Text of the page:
For years, Maine has been called the Pine Tree State. As you drive around this beautiful state today, you will quickly understand why the Pine Tree has been replaced by the marijuana leaf on the state flag. Okay, that did not actually happen, but with the number of pot shops springing up in every city and town, it makes one wonder where we are heading
As we get off RTE 95 in Auburn and drive the twenty miles to our cabin in Hartford, we pass at least seven shops and two more under construction. They seem to appear on every corner, just as convenience stores did years ago. It makes you wonder if everyone in this state is searching for a bag of Doritos. I jest, but honestly, it makes me question how many people driving with me are impaired by the latest special offered at their favorite shop.
This new industry is a money grab by the state that has been so desperate for funds that they have taxed Girl Scout Cookies and campsites in the past. Maine’s medical marijuana market brings in more money than blueberries, maple syrup, apples, elvers, herring, and oysters combined. Marijuana sales are third behind only the Lobster and Potato industries. Many cities are generating revenue by running lotteries where interested entrepreneurs buy a chance to win one of the limited marijuana retail licenses. The town of Kittery recently raised nearly two million dollars by running such a lottery.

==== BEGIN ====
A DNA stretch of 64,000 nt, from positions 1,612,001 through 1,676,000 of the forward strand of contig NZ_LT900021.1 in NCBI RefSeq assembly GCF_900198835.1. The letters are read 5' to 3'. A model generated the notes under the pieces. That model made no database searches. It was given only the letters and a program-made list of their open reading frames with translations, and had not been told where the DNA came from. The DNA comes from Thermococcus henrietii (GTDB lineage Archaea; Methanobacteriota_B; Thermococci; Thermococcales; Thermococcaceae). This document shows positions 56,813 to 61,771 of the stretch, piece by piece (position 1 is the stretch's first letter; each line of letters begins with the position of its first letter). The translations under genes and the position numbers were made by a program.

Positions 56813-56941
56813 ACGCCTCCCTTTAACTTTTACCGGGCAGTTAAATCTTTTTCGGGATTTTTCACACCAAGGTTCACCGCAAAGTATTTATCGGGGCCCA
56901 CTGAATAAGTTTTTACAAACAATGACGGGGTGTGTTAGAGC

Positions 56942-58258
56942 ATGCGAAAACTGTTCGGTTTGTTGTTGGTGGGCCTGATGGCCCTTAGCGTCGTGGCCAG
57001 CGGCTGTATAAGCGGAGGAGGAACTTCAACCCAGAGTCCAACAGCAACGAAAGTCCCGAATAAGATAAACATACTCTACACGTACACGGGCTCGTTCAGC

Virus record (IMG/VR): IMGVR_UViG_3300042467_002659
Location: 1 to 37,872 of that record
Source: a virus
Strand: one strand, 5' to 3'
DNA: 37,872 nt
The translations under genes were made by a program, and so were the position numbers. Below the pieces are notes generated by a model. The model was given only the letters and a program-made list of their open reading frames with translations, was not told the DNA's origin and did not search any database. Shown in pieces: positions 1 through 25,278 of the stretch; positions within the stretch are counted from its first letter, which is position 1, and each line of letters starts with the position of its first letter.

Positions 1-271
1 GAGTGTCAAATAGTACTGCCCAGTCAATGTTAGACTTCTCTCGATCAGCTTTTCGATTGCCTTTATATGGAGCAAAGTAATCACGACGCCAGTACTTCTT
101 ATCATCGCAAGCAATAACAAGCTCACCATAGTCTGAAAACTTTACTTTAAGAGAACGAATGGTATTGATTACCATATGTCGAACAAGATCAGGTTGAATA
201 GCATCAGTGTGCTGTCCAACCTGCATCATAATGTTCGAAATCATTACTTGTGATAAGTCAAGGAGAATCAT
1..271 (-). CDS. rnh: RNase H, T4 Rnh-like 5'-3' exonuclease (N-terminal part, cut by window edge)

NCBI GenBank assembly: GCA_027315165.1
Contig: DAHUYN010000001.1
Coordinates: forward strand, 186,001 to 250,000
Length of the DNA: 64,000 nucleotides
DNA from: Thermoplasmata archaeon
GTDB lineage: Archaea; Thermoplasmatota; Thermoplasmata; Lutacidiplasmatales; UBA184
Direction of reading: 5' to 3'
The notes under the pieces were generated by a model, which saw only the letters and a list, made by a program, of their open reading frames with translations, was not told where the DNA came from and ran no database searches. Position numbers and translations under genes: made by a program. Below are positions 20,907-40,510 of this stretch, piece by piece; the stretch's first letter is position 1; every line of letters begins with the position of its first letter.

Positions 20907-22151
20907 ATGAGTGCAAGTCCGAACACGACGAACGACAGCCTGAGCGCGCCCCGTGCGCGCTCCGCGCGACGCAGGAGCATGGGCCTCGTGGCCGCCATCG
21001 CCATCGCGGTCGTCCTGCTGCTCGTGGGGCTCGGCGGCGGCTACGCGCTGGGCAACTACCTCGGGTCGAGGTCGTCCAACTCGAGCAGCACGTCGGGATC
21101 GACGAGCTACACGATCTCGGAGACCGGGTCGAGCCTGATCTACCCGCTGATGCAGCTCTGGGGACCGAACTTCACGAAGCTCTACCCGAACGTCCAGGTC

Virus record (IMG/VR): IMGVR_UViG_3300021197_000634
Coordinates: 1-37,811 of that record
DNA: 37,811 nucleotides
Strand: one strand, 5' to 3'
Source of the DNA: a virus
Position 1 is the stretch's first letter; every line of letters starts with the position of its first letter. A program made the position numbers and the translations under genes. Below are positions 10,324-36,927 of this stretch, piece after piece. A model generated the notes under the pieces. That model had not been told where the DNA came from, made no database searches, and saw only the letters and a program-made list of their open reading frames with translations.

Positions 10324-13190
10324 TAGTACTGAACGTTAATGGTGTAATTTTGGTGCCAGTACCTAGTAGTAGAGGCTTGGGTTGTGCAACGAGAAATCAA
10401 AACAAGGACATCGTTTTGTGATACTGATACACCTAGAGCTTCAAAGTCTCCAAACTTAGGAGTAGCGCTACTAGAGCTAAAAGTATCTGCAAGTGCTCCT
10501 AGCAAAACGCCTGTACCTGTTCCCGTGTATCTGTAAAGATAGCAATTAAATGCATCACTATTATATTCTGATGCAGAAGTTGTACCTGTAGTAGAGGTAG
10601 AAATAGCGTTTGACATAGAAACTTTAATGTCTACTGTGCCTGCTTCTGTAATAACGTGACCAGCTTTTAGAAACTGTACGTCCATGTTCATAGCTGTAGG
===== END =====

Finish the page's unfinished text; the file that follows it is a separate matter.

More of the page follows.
Whether you are looking for “flower,” or the recognizable green buds that can be rolled into a joint or smoked through a pipe; pre-rolled joints; edibles, such as THC gummies or chocolates; tinctures, or THC oil that is dropped under the tongue for effect similar to that of edibles; vaporizer cartridges, containing THC oil; and cannabis concentrates, which look like wax, you local budtender is waiting to serve you. Having never indulged, I have no reason to enter one of these shops, but I know I would be overwhelmed and confused by the offerings.
I realize this is a revenue boom for the state, but I wonder at what cost. I am not naïve to believe that pot was not available before the shops became legal. But is it so in your face now that the user base will grow exponentially? These shops are on main roads, and all have large signage advertising their specials and new offerings. Marijuana is regulated for users over 21, just like alcohol in the state, but is the industry attracting people, especially the younger crowd? Has there been an impact on the number of impaired drivers on Maine’s roads? A lot of questions and not many answers.
I don’t condone the government entering the legal drug trade. But I am an adult and believe in rights and choices. If this is a way to regulate the delivery and quality of marijuana to users and may put illegal dealers out of business, then it may be doing a public service. If it creates a “high” populace and harms productivity and health, I think it is a wrong decision. We may have to circle back in a few years to see how this new industry has impacted the great state of Maine.
Content syndicated from ConservatriveViewFromNH.com with permission
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